Concern over BBI as polls body absolves itself from errors
Various stakeholders have raised concerns over the fate of the Building Bridges Initiative (BBI) Constitutional Amendment Bill 2020.
Move follows revelations that only 13 county Assemblies debated and passed the correct Bill that is supposed to be considered by the bicameral Parliament.
This came even as the Independent Electoral and Boundaries Commission (IEBC) moved to distance itself from errors in the BBI documents sent to county Assemblies.
In a press statement yesterday, IEBC said: “The commission would like to state that on December 10, 2020, it received from BBI promoters six printed copies of the draft Constitutional (Amendment) Bill 2020 and supporters’ details.”
Statement adds: “In compliance with Article 257(4) of the Constitution, the commission undertook verification exercise and ascertained that the one million supporters threshold had been met.
On January 26, 2021, the commission requested BBI promoters for additional printed copies of the Bill for onward transmission to county Assemblies.
On the same date, BBI promoters delivered 57 printed copies, out of which the commission submitted 47 copies to Assemblies.”
BBI taskforce co-secretary lawyer Paul Mwangi said the Constitution requires a promoter of a popular initiative to submit to IEBC a draft Bill with the signatures.
Thereafter, Mwangi argues, it is the duty of IEBC to submit the Bill to each county Assembly.
“BBI Secretariat gave a Bill to IEBC. One Bill. Only that Bill could have been circulated to all County Assemblies,” he said.
He went on: “IEBC chairman Wafula Chebukati says he gave the BBI Bill to Speakers in all 47 county Assemblies and a copy to Speakers of the Senate and National Assembly.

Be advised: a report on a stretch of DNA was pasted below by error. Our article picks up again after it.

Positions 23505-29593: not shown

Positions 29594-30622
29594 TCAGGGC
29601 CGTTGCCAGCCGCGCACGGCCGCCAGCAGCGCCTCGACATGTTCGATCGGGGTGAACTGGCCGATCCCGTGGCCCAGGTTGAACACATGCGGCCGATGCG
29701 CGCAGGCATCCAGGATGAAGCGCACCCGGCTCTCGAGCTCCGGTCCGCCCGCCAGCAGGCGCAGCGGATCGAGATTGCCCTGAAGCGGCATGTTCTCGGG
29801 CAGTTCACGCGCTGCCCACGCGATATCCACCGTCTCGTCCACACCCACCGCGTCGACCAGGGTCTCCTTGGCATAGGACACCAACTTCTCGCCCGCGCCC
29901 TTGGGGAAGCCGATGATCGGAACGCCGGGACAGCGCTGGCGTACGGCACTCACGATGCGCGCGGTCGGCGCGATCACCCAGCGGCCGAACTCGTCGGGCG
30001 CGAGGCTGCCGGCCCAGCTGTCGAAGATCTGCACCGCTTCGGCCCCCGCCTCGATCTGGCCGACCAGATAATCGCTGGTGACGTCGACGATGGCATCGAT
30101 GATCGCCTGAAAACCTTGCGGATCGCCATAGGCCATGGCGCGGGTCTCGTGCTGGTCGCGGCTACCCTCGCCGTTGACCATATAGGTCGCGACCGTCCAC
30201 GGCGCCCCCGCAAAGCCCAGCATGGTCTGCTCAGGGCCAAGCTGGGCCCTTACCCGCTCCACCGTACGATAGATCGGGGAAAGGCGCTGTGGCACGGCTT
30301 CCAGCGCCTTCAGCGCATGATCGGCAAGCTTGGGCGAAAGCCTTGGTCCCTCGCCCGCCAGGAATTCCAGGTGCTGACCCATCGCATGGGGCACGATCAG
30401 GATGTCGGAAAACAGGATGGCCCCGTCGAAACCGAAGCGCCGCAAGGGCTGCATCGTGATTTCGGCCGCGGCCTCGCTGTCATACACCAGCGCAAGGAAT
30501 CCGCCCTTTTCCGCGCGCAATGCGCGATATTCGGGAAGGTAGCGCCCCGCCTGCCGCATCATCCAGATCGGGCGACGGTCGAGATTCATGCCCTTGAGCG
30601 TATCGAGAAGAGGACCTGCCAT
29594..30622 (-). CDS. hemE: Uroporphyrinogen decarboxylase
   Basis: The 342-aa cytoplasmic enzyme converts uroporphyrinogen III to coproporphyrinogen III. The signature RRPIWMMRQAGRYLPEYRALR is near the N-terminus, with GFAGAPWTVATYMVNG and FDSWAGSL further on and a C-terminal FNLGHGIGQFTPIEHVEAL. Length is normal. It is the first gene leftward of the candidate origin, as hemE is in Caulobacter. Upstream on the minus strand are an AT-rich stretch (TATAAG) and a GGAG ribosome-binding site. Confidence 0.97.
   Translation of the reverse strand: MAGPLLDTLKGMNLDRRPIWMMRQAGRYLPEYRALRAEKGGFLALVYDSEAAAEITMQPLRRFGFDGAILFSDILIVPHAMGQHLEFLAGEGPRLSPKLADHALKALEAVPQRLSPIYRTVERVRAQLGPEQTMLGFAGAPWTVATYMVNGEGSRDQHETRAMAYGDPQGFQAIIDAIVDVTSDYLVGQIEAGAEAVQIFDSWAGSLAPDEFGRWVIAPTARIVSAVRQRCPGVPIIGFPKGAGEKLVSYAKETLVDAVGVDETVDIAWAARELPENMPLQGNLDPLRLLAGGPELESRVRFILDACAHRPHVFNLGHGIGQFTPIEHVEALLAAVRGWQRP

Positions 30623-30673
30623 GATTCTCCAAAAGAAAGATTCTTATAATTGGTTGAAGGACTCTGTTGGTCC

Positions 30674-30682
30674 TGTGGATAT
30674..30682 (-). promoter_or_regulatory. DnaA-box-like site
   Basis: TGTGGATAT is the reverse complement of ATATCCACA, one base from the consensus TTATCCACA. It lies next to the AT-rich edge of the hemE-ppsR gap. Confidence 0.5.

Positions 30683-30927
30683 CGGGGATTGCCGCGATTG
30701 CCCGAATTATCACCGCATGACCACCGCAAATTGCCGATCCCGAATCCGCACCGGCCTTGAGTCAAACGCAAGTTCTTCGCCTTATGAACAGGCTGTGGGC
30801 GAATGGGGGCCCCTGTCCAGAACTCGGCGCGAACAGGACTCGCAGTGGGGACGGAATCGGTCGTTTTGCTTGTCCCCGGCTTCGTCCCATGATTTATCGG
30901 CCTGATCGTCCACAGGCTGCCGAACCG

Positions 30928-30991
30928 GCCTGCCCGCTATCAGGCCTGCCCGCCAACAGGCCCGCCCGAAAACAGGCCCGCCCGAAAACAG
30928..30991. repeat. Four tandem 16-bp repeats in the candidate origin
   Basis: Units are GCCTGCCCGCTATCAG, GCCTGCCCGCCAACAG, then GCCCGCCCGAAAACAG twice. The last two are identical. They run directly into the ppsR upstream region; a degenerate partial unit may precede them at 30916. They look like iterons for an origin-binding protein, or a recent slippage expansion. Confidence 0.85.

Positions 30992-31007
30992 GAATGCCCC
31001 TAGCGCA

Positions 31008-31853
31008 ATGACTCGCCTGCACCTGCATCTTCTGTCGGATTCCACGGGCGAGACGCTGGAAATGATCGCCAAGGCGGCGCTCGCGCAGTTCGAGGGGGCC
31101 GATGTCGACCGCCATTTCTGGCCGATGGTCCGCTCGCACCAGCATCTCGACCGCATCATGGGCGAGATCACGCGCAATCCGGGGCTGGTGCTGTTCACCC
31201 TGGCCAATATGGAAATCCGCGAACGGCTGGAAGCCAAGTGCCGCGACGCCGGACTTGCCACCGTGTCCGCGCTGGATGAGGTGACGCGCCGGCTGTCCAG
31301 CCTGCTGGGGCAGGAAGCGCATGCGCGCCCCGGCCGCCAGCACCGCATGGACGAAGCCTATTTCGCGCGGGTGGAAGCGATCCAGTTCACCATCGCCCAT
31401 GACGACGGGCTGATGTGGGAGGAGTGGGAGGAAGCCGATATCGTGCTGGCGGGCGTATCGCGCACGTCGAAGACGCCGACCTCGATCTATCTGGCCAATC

Yet some people want the country to believe that the two Speakers have a different version of the Bill.”
ODM Political Affairs Secretary Opiyo Wandayi (Ugunja) said the enemies of BBI, and by extension the Handshake, have found useful allies in the joint parliamentary committee of Justice, Legal and Constitutional Affairs.
“They have teamed up to derail BBI and eventually scuttle the Handshake. That is why they are throwing a spanner in the works at every turn. They must not be allowed to succeed,” said Wandayi.
National Assembly Justice and Legal Affairs Committee Vice Chair Otiende Amollo said the role of Parliament cannot be ceremonial.
“Nothing can be law in this country without stamp of Senate and National Assembly and that includes the Constitution,” said Amollo.
Makueni Senator Mutula Kilonzo (pictured) admitted that Prof Patricia Mbote and Dr Collins Mbote exposed the variance when they made their presentations to the committee on Monday that the Bill on the Kenya Law Reform website is different from the one the experts were offered by Parliament.